Cannes 2015: 'Mad Max: Fury Road' has George Miller shaping the future

Cannes 2015: 'Mad Max: Fury Road' has George Miller shaping the future
Tom Hardy as Max Rockatansky in Warner Bros. Pictures' and Village Roadshow Pictures' "Mad Max: Fury Road." (Jasin Boland / Warner Bros.)

Though it came to be his signature work, the Australian director George Miller wasn't exactly looking to revisit "Mad Max." He long thought the franchise, which of course helped augur a new action-movie era over its three installments between 1979 and 1985, was in fact best left to yesterday.

"I never wanted to make another 'Mad Max' movie," he said. "But the idea kept popping into my head and it wouldn't go away."


"I just didn't realize," he added, "it would take 12 years

"That long period in the desert, such as it is, ended Thursday at the Cannes Film Festival. Miller was talking to reporters after his new movie "Mad Max: Fury Road" played to media on the Croisette,  ahead of its world premiere here Thursday night and subsequent opening in the U.S.

This has been a ridiculous week for the post-apocalyptic sequel/reboot/just-happens-to-be-in-the-universe picture. As reviews started to hit, many outlets were calling the all-in style and action--the urgency and lack of backstory--of "Fury Road" the future of moviemaking, and even typically more sober-minded critics were billing it, preemptively, as possibly the best action movie until 2020.

Full Coverage: Cannes Film Festival 2015

Strong advance buzz can mean a backlash, particularly in Cannes, but that seemed little in evidence Thursday. The press screenings brought not just an enthusiastic response at the film's end but mid-screening clapping from some areas of the Lumiere Theater after a number of the movie's action set pieces (briefly) let up. And mid-screening clapping is a rarity in these parts.

You probably know plenty about the plot, so I'll leave to others to describe more fully what happens when, sometime after the apocalypse, former cop Max Rockatansky (Mel Gibson's role,  played here by Tom Hardy) teams up in an aging fuel truck with a one-armed warrior named Imperato Furiosa (Charlize Theron), as the two race across an earthly wasteland. (Basically, they hope to bring to safety the wives of a dictator named Immortan Joe, whose warpainted thugs are in keen pursuit throughout. The general air is one of peril and scarcity--water and gas are in short supply in these times, and breast milk even sort of takes their place as a key resource, in one of the movie's many odd flourishes, which also, it should be noted, includes a guitar-playing human hood ornament.)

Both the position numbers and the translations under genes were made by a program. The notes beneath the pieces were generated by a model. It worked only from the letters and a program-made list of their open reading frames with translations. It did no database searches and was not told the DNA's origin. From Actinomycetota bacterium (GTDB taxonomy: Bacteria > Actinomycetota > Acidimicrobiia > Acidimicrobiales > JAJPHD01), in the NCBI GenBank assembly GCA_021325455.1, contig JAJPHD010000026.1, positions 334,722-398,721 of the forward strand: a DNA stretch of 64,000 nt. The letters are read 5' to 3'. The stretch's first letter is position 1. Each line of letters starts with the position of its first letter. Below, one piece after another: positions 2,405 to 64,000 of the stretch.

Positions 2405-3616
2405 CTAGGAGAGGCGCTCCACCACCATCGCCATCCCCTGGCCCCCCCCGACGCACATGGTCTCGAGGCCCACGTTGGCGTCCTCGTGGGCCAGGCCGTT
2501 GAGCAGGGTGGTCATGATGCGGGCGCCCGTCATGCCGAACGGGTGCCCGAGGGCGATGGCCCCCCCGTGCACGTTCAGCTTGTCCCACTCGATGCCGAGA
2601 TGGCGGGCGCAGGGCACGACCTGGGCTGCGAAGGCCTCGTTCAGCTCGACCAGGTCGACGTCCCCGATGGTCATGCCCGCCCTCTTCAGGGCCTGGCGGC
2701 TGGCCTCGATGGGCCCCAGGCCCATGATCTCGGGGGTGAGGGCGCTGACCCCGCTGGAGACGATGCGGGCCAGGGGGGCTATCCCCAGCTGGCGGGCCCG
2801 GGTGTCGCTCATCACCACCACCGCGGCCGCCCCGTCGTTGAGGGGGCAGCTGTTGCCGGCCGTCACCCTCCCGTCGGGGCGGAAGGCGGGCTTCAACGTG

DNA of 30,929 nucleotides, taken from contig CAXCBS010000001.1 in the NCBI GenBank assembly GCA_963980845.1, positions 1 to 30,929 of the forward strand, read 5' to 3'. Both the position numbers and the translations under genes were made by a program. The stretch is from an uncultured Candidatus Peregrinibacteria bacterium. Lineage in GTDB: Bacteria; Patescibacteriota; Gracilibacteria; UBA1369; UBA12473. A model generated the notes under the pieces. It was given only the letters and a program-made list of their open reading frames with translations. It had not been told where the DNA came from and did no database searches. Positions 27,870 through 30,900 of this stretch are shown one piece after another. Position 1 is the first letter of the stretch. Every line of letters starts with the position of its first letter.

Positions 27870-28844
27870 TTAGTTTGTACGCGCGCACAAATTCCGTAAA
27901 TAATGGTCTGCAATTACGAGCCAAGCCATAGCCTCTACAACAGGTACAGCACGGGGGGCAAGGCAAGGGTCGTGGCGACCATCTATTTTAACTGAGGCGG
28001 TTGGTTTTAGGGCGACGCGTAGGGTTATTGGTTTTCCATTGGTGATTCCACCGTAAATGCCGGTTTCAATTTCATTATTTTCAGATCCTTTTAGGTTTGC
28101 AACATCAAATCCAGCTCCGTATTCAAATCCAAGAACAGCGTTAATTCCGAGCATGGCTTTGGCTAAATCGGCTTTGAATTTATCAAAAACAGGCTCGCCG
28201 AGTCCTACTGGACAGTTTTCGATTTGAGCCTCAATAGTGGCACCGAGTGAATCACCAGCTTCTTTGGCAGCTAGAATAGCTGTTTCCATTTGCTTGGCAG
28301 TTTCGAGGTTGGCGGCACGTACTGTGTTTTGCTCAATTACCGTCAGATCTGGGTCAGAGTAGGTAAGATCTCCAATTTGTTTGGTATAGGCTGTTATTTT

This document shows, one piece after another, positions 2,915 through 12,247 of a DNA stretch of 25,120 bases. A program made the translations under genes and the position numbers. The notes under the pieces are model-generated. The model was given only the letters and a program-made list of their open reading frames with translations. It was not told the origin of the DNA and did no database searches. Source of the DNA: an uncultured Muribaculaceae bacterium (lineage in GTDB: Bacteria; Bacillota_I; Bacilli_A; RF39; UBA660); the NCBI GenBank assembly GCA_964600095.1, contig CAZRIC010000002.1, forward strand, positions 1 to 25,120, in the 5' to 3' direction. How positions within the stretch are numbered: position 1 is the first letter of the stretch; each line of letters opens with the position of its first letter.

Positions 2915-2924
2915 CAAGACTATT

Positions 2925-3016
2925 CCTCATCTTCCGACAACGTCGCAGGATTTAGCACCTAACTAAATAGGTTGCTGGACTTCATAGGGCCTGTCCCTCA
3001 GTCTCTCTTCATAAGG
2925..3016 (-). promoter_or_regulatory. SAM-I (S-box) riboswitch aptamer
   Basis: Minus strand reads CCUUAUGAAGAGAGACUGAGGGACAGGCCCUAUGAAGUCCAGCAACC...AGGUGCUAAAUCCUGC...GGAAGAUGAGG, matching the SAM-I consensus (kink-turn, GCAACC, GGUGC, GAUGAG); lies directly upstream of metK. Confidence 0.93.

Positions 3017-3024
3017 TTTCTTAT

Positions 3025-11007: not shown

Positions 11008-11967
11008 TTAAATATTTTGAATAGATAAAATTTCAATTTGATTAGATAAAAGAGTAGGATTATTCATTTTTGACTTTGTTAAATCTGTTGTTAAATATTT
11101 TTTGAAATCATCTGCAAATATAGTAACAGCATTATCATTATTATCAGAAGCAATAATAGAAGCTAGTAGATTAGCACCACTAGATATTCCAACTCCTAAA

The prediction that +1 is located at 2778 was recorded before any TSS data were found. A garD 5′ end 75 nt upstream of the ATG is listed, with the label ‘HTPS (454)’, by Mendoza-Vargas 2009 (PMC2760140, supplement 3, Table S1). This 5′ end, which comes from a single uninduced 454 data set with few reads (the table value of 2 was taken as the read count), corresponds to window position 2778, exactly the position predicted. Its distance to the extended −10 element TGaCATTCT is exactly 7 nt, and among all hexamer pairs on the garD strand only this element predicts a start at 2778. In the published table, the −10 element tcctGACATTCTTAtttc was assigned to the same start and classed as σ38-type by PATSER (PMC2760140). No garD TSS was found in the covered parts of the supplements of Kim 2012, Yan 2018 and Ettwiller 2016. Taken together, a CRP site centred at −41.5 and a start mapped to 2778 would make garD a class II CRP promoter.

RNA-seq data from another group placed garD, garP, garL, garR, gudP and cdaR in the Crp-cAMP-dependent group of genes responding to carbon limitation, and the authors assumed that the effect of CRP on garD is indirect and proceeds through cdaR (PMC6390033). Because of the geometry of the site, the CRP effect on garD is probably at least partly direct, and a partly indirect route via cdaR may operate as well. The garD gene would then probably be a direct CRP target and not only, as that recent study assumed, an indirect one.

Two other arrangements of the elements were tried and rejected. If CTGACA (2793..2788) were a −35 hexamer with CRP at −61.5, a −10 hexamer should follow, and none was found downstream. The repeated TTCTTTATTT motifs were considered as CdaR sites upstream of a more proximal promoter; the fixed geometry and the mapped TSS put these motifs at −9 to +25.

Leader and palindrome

But the plot is often beside the point, taking an, ahem, backseat to the action razzle-dazzle in what is essentially an elaborate chase movie.

Whether the bold visuals and mastery of technique make "Fury Road" an instant classic or simply a fun summer movie is a matter for debate. Those who love it can't love it enough -- there is something almost visceral about the movie's intense fan base, and if you're among it you'll know what I mean -- but others could well argue that the lack of more traditional narrative virtues  makes it more style than substance (you'll know who you are too).

Either way, the movie is a technical marvel, made so because of how Miller went about shooting in the Namibian desert, amid heat and sand and plenty of harsh elements.

Another reason production was so complicated is that the movie relies on thousands of quick edits for its kinetic feel. That means each take contributes that much less to the finished film than usual — and also makes every second of those takes more difficult.

"Normally with a master scene you just block out the scene," Miller said. "But this was made up of so many cuts. You say action and three seconds later you're saying cut."

That, he added, made matters tricky for others too. "It's very hard for actors to get into continuity," Miller said. "Acting is so athletic and to ask people to keep starting and stopping again is very difficult."

Hardy acknowledged the process could leave him feeling daunted.

"The most frustrating thing for me was trying to know what George wanted to do," the actor said in Cannes. "Because all the vehicles are moving and the whole movie is in motion." He paused."I feel I have to apologize to you," he said, gesturing to Miller. "Because I got frustrated [during production]. And there's no way George could explain what he's seeing."


The film also has a different feel, Miller suggested, because of who edited it: wife Margaret Sixel, who had never edited an action movie before.

"She said, 'Why on earth would you want me to cut the movie?'" Miller recalled. "But if it was the usual [male editors] it would look like every other movie you see."

"Fury Road" opens just ahead of another big action summer movie with hopes for kicking off a new chapter of entertainment, the original-concept piece "Tomorrowland." The Brad Bird effort is this film's spiritual foil -- it makes essentially the opposite argument, that the dystopia that "Mad Max" takes for granted is avoidable thanks to the power of human ingenuity. At the press conference,  Theron noted how many looming issues, from water and oil shortages on down,  "Fury Road" tapped into. Which film is in fact the future will play out in the world in the years ahead, and at the box office in the next few weeks.